• In our family, we love to have regular nights where everything is themed around a particular country. (Sharyn Cairns)
Stuck in a hellish world of nuggets and chips? Introduce your little ones to a world of new flavours by incorporating a few small activities.
Dilvin Yasa

12 Feb 2018 - 11:44 AM  UPDATED 13 Feb 2018 - 12:41 PM

There’s no question your children have already mastered Italian cuisine (pizza and pasta), American fare (hamburgers and fries) and quite possibly, the odd side of Turkish (kebabs).

But what if you desire for them to eat something a little less… garden variety? How do you introduce fussy eaters to the flavours of India, Vietnam, Iran or Kenya?

On paper it may not seem like the easiest task in the world, however you might be surprised by how far you can get with the following ideas.

Fish curry with rice from Indonesia.

Introduce family date night

Once a month, take your family to a restaurant you haven’t been to before.

The two rules? Each time you must try a new cuisine and each member of the family (yes, even the little ones) has to bring suggestions to the table and explain why it would be a good option for you to try.

If children feel involved in the decision-making process, they’re more inclined to feel excited about eating at that Afghan eatery (especially if you feed them some interesting facts about the country beforehand).

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Stage culture night

In our family, we love to have nights where everything – the food, music, entertainment and occasionally, dress-ups – are themed around a particular country.

For example, if we have 'Japan night', we will cook Japanese food, play Japanese music and watch a crazy Japanese game show afterwards.

One non-negotiable part of the evening? Every member of the family will come to the dinner armed with 10 interesting facts about that particular country and read them at the dinner table.

Lee Luk and sushi master Ryuichi Yoshii are serving up a menu that’s divided into raw, grilled and steamed.

Give them books

Sometimes it’s a good idea to have others plant the ‘world food’ seed, and a good way of doing that is by purchasing or borrowing books such as Come and Eat With Us by Annie Kubler or Everybody Cooks Rice by Norah Dooley.

In Come and Eat with Us, each character shares their favourite foods and provides a list of typical foods found in their native country.

Every member of the family has to come to the dinner armed with 10 interesting facts about that particular country and read them at the dinner table.

In Everybody Cooks Rice, the main character is invited into several, ethnically diverse households where rice is being prepared. She’s looking for her brother, but what she stumbles upon is a brilliant (and mouth-watering) education.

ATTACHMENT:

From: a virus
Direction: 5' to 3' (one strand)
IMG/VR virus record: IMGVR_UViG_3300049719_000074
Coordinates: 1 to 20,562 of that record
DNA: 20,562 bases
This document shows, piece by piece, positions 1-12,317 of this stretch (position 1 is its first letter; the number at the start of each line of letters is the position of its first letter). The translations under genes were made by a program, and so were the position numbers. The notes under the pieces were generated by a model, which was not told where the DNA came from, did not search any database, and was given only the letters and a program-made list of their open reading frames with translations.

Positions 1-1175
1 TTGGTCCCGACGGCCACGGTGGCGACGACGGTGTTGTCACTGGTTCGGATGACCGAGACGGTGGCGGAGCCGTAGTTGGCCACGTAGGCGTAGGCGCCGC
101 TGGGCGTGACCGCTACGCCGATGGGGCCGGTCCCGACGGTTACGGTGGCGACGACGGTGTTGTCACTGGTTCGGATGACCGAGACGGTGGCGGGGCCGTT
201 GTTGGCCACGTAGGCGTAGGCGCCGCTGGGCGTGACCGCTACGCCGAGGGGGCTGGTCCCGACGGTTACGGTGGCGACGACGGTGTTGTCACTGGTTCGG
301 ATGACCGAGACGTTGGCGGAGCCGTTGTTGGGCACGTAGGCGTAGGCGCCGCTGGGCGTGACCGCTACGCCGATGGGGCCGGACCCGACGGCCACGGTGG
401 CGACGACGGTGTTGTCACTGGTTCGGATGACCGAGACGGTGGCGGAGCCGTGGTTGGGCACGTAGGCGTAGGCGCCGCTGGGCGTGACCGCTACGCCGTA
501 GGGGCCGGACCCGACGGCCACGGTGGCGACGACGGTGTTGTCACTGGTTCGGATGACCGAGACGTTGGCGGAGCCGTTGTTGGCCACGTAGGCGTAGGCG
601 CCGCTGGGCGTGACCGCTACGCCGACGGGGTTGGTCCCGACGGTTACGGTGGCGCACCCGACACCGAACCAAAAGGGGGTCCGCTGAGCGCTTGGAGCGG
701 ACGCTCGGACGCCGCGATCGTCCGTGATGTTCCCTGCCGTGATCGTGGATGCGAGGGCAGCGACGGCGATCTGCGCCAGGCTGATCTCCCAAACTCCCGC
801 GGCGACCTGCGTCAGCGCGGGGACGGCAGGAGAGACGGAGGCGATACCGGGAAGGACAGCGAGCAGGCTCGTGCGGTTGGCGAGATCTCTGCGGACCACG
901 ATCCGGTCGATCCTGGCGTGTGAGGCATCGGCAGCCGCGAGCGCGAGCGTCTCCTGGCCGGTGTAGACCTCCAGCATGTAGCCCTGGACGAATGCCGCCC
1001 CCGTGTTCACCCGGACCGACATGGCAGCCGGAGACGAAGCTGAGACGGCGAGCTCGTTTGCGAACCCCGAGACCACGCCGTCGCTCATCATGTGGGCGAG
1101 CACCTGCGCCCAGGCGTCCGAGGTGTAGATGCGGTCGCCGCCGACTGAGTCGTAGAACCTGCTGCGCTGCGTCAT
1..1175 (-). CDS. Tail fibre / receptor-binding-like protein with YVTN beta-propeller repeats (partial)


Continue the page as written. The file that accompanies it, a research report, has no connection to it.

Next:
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When you own and operate one of the hottest restaurants in London, the next step is obvious – you publish a cookbook. Of course, it can go wrong (and frequently does), but when it’s The Palomar, you can be assured that your food will make it stand out on the bookshop shelves.
Luke Nguyen's Street Food Asia - Cookbook
Luke embarks on a culinary exploration of street food in Saigon, Bangkok, Kuala Lumpur and Jakarta.

Get crafty

Who doesn’t love the feeling of ticking off a long-standing item on a to-do list?

Give little ones that ‘ahhh’ feeling and mock up a ‘Foods of the World’ passport, which gets stamped every time they try a new cuisine, or purchase a 'scratch-off' world map to hang in their room. No new cuisine, no scratching to reveal the different countries like it’s begging them to do.

Use interactive tools to gt your kids inspired about trying new cuisines.

Book cooking classes

There’s nothing kids love more than enrolling in some holiday cupcake making and pizza-making classes.

But why leave it there? Hunt around for a kids cooking program that offers multicultural fare - from nasi goreng to Vietnamese rice paper rolls - and let your kids get excited about exploring new tastes.

Can’t find a cooking school with an adequate program near you? Dust off the cookbooks and select a few simple dishes you can make together.

Pop-up cooking classes offer a taste of the world
An enterprising scheme brings together recent arrivals and people keen to try new recipes.

Insist on a few new rules

And finally, a few basic ideas to instil between all the fun stuff.

Be a good role model and ensure your child sees you eating a wide variety of multicultural fare yourself. If you’re in a holiday resort environment and there happens to be a buffet, ask that your child try at least one local dish in among all that macaroni and cheese. 

No matter how much they resist in the beginning, keep on offering new foods. In time, the food that surrounds them won’t seem so foreign at all. 

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